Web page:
Buddhist Philosophy

Motivation, Aspiration, Devotion

Motivation, aspiration, devotion—we can rely on these to support our Dharma practice. In this video teaching, filmed at Khandro Ling in Brazil in March 2015, Phakchok Rinpoche teaches on the three wish-fulfilling jewels that aid our practice. This video includes Portuguese subtitles!

If we want to be good, persistent and decisive practitioners, we need these three basic skills. First, we should be sure to begin our practice with motivation. Then we can perfume and infuse it with devotion. So, motivation comes first, and throughout the path we maintain our devotion. Finally, we can seal our practice with aspiration. Motivation is like looking in the mirror—it is your reflection. And devotion reflects of your realization of your nature. Aspiration reflects your future results. Thus, these three aspects reflect our practice.

Although we hear many teachings on devotion and motivation, we don’t hear as much about aspiration. Here, Rinpoche reminds us that aspiration is the reflection of our future results and points us in the correct direction.

Reflection Question

This week, and in the coming weeks, make time to observe your own practice. Have you been neglecting one of these three cornerstones? If so, you may want to spend a few more minutes on that cornerstone in the upcoming weeks.

Is there one that you find particularly helpful for your practice? What does contemplation and reflection of this cornerstone mean to you?

3 responses on "Motivation, Aspiration, Devotion"

  1. Thank you SO much Rinpoche for these precious Teachings! <3 <3 <3

  2. Very precise and to the point, extremely important teaching Rinpoche. Tesekkur Ederim. Thank you. <3

  3. I’ve practiced for many, many years. The instructions were to do aspiration before any practice. I found it “pointed” the mind in the right direction and help “lift” the mind from an ordinary place to a better place.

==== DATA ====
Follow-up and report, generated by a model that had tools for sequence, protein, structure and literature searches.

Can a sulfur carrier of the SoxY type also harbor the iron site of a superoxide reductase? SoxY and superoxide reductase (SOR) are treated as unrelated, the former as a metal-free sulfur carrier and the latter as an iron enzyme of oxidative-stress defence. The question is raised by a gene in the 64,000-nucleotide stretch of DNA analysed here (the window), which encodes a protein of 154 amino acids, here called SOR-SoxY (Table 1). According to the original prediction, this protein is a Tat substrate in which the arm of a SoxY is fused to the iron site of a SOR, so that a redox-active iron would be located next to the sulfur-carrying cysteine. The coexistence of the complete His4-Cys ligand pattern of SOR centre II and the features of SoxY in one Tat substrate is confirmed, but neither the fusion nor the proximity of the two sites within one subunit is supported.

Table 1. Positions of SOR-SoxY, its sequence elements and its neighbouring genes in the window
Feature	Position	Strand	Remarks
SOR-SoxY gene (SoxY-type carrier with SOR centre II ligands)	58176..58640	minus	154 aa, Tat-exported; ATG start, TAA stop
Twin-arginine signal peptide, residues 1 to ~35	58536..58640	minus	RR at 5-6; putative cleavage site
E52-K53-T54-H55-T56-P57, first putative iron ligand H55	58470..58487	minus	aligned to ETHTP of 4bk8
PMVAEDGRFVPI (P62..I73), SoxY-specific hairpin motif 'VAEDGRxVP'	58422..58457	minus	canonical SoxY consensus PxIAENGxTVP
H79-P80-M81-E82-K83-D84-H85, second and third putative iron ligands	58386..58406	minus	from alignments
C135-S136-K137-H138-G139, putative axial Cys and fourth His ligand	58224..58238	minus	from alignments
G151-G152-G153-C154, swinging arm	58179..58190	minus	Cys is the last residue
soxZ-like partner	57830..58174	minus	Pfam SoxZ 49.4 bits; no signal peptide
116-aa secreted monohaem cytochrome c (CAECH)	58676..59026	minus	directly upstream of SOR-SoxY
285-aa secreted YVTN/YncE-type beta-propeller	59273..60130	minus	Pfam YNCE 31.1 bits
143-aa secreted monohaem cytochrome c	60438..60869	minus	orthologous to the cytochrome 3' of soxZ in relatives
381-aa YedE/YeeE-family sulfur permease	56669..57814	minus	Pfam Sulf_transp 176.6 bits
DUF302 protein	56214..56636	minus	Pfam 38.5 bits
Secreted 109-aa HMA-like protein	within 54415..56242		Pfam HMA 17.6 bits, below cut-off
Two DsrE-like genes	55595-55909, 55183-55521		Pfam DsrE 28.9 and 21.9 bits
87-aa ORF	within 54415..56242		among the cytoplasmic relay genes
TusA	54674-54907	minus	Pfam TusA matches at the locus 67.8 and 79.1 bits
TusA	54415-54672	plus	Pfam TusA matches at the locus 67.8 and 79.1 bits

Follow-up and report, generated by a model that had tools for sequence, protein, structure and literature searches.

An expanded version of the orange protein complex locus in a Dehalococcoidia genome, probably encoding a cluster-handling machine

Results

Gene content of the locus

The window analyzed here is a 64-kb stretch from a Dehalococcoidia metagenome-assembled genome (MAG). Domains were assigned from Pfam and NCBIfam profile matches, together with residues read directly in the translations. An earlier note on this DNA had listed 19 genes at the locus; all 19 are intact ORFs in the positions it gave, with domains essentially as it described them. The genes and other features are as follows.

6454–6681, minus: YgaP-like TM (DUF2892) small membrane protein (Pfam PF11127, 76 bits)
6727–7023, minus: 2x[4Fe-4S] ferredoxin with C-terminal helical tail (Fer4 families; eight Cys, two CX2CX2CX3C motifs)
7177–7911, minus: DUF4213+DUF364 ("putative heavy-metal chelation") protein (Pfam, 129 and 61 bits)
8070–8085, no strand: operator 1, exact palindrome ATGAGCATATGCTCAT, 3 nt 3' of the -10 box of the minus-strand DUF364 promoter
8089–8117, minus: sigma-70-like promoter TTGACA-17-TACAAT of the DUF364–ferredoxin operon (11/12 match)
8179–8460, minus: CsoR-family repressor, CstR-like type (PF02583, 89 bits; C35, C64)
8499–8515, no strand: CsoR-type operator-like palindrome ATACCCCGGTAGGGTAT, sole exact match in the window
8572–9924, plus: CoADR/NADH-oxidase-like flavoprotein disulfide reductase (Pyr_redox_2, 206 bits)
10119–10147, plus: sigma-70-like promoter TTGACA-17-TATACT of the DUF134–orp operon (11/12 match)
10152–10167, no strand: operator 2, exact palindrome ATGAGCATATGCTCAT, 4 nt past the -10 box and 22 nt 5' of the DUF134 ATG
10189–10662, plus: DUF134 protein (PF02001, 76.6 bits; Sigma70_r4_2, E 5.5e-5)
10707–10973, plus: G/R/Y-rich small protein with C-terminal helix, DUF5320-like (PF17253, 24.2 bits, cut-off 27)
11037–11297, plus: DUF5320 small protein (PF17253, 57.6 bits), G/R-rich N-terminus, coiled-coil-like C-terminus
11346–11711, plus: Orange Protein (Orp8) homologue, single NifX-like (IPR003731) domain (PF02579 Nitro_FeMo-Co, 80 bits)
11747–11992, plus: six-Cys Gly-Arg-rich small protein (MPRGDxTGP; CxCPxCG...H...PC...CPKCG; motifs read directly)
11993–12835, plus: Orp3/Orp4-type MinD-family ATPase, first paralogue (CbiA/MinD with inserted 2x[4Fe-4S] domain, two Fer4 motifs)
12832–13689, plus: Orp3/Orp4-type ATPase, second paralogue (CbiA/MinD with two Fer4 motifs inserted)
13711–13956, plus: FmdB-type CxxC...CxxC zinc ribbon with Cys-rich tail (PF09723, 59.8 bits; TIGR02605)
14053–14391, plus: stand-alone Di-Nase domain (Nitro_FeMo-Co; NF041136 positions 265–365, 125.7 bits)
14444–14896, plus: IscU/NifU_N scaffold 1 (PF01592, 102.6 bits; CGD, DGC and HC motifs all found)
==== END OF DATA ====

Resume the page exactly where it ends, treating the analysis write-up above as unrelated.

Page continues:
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Suggested Reading

Dudjom Rinpoche, The Nyingma School of Tibetan Buddhism, trans. and ed. by Gyurme Dorje and Matthew Kapstein (Boston: Wisdom Publications, 1991), vol. 1, pages 468–474.

Ngawang Zangpo, Guru Rinpoche: His Life and Times, Ithaca: Snow Lion, 2002.

Nyoshul Khenpo, A Marvelous Garland of Rare Gems: Biographies of Masters of Awareness in the Dzogchen Lineage, trans. Richard Barron (Junction City: Padma Publishing, 2005), pages 41–48.

Padmasambhava, Legend of the Great Stupa, Berkeley: Dharma Publishing, 1973

Padmasambhava & Jamgön Kongtrul, The Light of Wisdom, trans. by Erik Pema Kunsang (Boudhanath: Rangjung Yeshe Publications, 1986-1999), pages 43-47 & Appendix 5.

Taranatha, The Life of Padmasambhava, Shang Shung Edizioni, 2005

Tulku Thondup, Masters of Meditation and Miracles, Shambhala, 1996.

Yeshe Tsogyal, Life and Liberation of Padmasambhava, translated by Kenneth Douglas and Gwendolyn Bays (Emeryville: Dharma Publishing, 1978, republished 2008).

Yeshe Tsogyal, Lotus Born: The Life Story of Padmasambhava, Rangjung Yeshe Publications, 2004.

‘The Life of Guru Padmasambhava’ in A Great Treasure of Blessings, The Tertön Sogyal Trust, 2004.